· It is clear from the evidence of Heather Wood and Nigel Ellis that they felt that the figures should have been included in the report. At least in the case of Nigel Ellis he felt that the figures should be there for completeness but with strong provisos that these were theoretical figures which related to probabilities, and did not tell us that any number of people were known to have died as a result of poor care.
Degrees of certainty about the Excess death figures.
At the moment there is still huge uncertainty about these figures. This is something that the inquiry still needs to actively explore.
I do not know the following:
· Who wrote the deleted material?
· What is the statistical source of the excess death figures?
· How the deleted material is phrased – is the word “If” included?
· If the figures are based on the Dr Foster figures then has it been made clear that the NHS as a whole does not accept these as a robust indicator of quality of care?
· If it is based on the mortality outliers then has this material been subject to peer review?
· What do other statisticians think of it?
What I do know is that the degree of certainty with which people talk about the Excess death figures is in inverse proportion to the understanding of their statistical basis.
We can trace this through the evidence given to the Inquiry.
· Martin Bardsley who was the person within the HCC who understood the statistical material best is very cautious about the conclusions that can be drawn from the material. He sees the Mortality outliers as management tools, there to assist in improving quality. They are not to be seen as an indicator of quality.
· Nigel Ellis, is almost as cautious about the use of the figures. He is an investigator who will use statistics, rather than a statistician. He does see the excess death figures as telling us something about what happened at Stafford. He wanted the figures to be used with qualifying statements about what they meant.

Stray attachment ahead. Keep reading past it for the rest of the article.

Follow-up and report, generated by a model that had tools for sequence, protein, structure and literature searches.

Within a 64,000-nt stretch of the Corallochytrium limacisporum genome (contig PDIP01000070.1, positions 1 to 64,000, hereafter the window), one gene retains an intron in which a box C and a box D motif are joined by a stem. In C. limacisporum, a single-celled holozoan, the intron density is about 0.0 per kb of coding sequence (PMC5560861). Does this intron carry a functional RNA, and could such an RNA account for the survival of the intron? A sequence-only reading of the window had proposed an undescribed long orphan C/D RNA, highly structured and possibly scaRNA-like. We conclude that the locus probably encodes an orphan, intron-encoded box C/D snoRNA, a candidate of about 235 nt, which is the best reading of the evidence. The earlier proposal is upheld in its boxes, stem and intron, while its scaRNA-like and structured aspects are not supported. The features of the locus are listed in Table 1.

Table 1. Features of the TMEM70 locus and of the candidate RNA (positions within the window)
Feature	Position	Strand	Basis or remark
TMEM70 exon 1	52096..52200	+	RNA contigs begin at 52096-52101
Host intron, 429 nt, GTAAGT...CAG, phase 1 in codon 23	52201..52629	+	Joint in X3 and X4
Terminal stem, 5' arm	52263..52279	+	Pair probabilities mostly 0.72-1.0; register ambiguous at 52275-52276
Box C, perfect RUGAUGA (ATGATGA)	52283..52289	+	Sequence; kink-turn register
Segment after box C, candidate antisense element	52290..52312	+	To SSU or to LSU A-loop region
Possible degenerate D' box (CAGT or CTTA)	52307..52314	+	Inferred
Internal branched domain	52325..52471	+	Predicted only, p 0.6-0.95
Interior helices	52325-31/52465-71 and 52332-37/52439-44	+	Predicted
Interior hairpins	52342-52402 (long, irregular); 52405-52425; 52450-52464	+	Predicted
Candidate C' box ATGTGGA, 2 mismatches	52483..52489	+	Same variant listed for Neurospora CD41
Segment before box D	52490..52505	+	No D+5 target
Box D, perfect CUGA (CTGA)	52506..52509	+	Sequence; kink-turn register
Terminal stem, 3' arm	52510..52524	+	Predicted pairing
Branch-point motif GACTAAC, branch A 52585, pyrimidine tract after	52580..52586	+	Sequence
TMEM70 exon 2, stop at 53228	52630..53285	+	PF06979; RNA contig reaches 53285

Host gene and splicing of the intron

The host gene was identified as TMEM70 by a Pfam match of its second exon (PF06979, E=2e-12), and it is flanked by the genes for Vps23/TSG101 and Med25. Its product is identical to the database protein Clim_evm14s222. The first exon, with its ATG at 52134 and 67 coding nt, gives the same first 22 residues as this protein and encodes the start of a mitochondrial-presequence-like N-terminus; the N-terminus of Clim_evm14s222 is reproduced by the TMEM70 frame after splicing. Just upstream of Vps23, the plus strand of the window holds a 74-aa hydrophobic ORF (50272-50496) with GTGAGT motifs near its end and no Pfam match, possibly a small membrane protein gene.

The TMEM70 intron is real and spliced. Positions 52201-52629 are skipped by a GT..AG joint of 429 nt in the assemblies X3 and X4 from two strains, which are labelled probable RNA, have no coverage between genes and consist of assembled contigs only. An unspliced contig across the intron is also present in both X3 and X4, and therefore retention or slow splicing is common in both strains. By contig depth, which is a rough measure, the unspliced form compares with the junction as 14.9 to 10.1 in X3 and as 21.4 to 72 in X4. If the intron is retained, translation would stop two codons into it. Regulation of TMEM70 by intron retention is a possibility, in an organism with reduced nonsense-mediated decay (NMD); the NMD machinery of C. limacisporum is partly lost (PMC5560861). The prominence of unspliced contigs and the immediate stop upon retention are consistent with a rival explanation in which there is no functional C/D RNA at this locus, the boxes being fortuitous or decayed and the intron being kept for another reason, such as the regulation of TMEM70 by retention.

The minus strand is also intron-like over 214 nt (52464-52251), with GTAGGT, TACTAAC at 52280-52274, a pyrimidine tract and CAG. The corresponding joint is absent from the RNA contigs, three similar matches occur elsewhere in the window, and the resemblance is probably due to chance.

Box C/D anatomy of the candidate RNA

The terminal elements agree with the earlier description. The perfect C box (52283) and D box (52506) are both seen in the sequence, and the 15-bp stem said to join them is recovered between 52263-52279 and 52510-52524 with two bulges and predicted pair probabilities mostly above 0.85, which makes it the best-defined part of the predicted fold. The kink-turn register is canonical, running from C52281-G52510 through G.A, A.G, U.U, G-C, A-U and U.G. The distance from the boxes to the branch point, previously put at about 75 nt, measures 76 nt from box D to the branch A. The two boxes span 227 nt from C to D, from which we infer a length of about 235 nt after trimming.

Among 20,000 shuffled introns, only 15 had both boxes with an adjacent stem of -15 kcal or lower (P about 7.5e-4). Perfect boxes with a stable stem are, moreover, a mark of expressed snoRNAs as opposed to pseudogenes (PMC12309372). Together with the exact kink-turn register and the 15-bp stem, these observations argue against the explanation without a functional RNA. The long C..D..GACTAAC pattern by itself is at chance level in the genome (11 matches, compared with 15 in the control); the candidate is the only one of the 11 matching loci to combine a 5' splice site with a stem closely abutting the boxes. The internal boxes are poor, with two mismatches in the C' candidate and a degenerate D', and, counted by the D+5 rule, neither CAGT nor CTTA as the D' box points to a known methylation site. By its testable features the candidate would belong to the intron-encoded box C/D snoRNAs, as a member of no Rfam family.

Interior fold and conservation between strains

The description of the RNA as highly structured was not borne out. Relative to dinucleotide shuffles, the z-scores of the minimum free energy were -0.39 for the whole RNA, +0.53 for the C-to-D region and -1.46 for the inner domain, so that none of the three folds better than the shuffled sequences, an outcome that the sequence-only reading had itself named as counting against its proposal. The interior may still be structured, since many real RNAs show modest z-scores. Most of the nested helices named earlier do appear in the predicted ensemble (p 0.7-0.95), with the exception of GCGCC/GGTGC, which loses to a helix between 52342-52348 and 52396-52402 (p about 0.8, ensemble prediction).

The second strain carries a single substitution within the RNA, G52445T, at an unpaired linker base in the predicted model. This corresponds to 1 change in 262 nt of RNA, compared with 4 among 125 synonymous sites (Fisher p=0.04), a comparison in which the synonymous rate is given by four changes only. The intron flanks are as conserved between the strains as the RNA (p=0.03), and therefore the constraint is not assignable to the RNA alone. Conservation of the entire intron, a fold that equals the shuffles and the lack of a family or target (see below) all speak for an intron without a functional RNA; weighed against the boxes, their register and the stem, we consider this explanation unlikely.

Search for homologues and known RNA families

· Heather Wood who was the head of the investigation team says clearly of herself that she is not a statistician. She has clearly accepted from her more expert colleagues that the figures are telling her something, and she is then falling back on her own preference for dealing with what other people pejoratively call “anecdotal evidence”. It is Heather Wood who was directly questioned by the press at the press release of the HCC report, following the leak to the press of the excess death figures on the previous day, and her response to their questioning gave the press the go ahead to attribute these figures to the HCC.
· Sir Ian Kennedy is at a further remove from this, he accepts the information that is given to him by others working within the HCC and his comment is that he thinks their methodology is sound, but that it would be unhelpful to use the figures because the press would misinterpret them and they would be into a major dispute about statistics rather than being able to focus on the real problems associated with poor care and the impact that had on individual families.
The Impact of the figures:
· Sir Ian was completely right about the way the press would misread the information.